• Drafted three missions for The Sprawl and handed them over to @HyveMynd for editing / layout. Aiming for a release later this year.

Ongoing

  • Attending conventions – I made a 1 day trip to UK Games Expo 2019 and will be attending BurritoCon 3 in Manchester later this month. I’m also aiming to attend DragonMeet later in the year, if I do I’ll be running games as part of Games on Demand.
  • Progress on Project Cassandra! I posted up the current characters and a rules summary (which is now itself out of date) and am in the process of putting together a playtest packet for BurritoCon. First public playtest since the disaster of Dragonmeet.
  • I have notes for the remaining two Slice of Life adventures and have decided that the Clean-up Crew scenario will be a Fiasco playset given how well the episode meshes with that system. These will be my next focus after Ghosts of Iron and Trick of the Light.
  • The D&D Immortals campaign continues and has passed the tipping point, with the characters ensnared by Destiny and heading towards some epic showdowns with the previous generation of Immortals.

Will I evers

  • Patreon. With the change in how Patreon were going to charge creators I decided to sign up for one with the thought of actually starting it later in the year. Right now I’m sitting on it for the simple reason that it won’t work until I manage to build some interest in what I produce and the first step in that is to actually produce some material. I haven’t released anything since last year and right now I don’t have a core focus for any Patreon project. I don’t know if there is enough interest in material focusing solely on Demon Hunters while most of my other projects have been standalone. Regardless of whether I ever do use it my first goal has to be building up a catalogue of material I can point to.
  • The Kingsport Tribune one-page Cthulhu idea looks like it is going nowhere, just didn’t come together though it did give me some practice with a newspaper style layout.
  • Rocket Demons of Antiquity is on the backburner for now. I’ve come to the conclusion that it is a scenario that will require an ongoing campaign to delve into as opposed to my typical one-shot playtests. Plus I’ve got at least three other adventures inspired by previous campaigns where I already know the story-beats to write up first.
  • DMs Guild material – While I have notes for a few products I’ve yet to make any move or progress towards writing them up. Although I expect they would be far bigger sellers than anything I’ve produced to date I’m fortunate enough to be in the position where that isn’t a priority so I can focus on the material that most interests me.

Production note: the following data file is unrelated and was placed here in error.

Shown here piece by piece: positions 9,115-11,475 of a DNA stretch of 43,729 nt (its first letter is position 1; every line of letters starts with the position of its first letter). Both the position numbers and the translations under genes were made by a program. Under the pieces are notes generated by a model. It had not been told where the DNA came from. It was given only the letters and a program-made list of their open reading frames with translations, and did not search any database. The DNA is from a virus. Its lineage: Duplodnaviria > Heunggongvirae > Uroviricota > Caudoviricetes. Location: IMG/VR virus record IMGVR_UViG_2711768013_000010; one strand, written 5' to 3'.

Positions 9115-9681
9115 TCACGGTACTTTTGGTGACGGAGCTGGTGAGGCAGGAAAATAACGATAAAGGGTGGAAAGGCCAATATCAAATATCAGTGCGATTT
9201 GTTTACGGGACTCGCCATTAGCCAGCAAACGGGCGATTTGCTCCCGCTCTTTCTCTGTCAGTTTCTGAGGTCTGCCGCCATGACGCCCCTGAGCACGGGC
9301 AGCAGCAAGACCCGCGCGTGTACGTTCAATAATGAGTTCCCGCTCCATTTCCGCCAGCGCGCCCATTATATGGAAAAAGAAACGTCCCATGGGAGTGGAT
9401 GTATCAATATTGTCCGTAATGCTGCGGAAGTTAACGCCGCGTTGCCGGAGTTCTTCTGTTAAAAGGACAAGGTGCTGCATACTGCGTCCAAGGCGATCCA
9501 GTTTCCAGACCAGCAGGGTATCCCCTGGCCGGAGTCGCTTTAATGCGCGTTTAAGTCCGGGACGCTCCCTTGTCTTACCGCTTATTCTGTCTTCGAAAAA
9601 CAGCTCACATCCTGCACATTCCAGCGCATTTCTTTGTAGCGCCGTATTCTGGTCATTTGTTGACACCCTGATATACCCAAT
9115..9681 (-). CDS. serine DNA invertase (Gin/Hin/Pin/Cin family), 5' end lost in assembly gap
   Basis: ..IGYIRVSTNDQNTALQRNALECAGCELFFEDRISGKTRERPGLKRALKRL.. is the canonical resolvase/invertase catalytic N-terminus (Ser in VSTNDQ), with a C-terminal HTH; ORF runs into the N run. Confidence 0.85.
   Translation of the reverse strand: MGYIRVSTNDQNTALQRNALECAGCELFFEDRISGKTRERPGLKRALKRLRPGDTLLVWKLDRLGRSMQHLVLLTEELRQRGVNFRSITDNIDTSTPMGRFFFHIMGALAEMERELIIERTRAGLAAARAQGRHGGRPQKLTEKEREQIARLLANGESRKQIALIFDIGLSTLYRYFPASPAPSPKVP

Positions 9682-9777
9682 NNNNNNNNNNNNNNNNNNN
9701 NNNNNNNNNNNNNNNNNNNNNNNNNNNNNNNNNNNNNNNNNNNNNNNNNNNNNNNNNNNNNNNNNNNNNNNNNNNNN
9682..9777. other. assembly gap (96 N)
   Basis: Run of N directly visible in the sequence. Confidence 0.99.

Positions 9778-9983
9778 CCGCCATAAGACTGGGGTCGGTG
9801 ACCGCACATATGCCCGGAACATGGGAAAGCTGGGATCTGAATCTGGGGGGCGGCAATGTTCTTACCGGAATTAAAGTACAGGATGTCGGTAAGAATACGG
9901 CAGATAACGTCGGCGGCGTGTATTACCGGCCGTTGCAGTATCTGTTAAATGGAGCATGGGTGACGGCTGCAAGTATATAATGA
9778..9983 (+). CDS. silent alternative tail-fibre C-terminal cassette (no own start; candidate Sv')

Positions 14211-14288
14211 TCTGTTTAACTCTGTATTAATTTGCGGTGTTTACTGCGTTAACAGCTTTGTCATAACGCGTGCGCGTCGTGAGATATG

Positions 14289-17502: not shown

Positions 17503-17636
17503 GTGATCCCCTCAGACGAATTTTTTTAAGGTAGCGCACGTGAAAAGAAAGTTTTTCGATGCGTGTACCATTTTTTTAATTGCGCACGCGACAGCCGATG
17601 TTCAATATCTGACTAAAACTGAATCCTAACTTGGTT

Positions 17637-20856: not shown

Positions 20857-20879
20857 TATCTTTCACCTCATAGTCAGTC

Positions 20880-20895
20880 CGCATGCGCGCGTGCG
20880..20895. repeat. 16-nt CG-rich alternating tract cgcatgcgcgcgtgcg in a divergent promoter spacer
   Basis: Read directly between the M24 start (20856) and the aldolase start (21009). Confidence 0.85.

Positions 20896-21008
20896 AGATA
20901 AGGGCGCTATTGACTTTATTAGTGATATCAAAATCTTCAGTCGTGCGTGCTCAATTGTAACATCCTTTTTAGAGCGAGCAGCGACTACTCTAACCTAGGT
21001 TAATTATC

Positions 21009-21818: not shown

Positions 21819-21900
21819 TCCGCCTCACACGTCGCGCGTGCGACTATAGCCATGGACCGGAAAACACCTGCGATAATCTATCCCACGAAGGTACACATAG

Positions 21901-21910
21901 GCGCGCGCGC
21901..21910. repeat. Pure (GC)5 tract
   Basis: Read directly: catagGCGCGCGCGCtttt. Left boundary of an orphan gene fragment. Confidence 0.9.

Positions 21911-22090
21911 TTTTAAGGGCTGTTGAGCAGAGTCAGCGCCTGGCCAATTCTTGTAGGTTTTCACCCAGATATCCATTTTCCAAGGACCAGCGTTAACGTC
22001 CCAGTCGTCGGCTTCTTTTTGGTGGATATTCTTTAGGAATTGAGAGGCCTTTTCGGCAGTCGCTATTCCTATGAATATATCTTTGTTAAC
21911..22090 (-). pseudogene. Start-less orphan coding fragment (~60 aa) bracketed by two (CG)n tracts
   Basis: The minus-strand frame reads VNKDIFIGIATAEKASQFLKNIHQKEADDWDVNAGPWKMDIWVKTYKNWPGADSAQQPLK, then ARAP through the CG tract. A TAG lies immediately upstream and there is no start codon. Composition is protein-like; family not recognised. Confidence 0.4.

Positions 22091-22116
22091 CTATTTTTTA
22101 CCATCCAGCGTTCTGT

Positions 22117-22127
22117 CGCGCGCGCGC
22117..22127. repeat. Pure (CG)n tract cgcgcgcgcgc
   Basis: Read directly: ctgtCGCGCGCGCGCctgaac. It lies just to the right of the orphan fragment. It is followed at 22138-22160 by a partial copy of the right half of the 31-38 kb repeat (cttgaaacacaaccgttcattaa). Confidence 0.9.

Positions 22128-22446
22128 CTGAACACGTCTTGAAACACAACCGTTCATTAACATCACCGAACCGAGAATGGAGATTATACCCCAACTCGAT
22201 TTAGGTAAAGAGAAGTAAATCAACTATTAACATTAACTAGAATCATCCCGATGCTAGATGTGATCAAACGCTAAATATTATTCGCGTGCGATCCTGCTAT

My Top 6 Influencial RPGs

This is another quick topic that is doing the rounds on Twitter at the moment, but I wanted to elaborate a little on why I picked each of them.

1) Torg – My very first tabletop RPG with an amazing GM that quickly inspired me to run my own games. Yes, the early 90s system is clunky by modern standards (and was so even when I first played it in 2006) but it was Torg that made me fall in love with this hobby. It’s also the game that taught me how much went on unseen behind the screen or in the GMs head, the GM of that campaign made it flow so smoothly that as a newbie I naively assumed it was easy. My subsequent first forays into GMing taught me otherwise.

2) Cortex (Classic, Plus, Prime) – I could easily fill four of the 6 spots here with Cortex games (Serenity, Demon Hunters, Smallville, Firefly) thanks to the impact the line has had on me over the years. Instead, I’m going to list it once, with a separate entry for Demon Hunters for reasons that will become apparent. For this entry, I’m focusing specifically on the system. Cortex was the first game that I discovered for myself, back with the original Serenity. At that point, I’d played only a handful of systems but mostly Torg. Mechanically and thematically the two were so different it was almost overwhelming. I dove into it, roped players into a game… and then ran a disaster of a session as a rookie GM. It was an experience that somehow didn’t put me off GMing.

Since then Cortex has continued to influence me thanks to its continued iteration. Demon Hunters gave me the first glimpse of how a game could be adapted to a new setting with only a few small tweaks. Then along came Cortex Plus, which demonstrated how to take the central DNA of a system and heavily adapt it to mesh with radically different genres. Smallville introduced me to the potential for constant player vs player conflict actively supported by the mechanics while Firefly introduced me to a smooth rules set that is pretty much perfect (in my opinion) for convention play. The in-development Cortex Prime is set to take it even further, providing a full toolkit to build future games on and I can’t wait to see where the system goes next.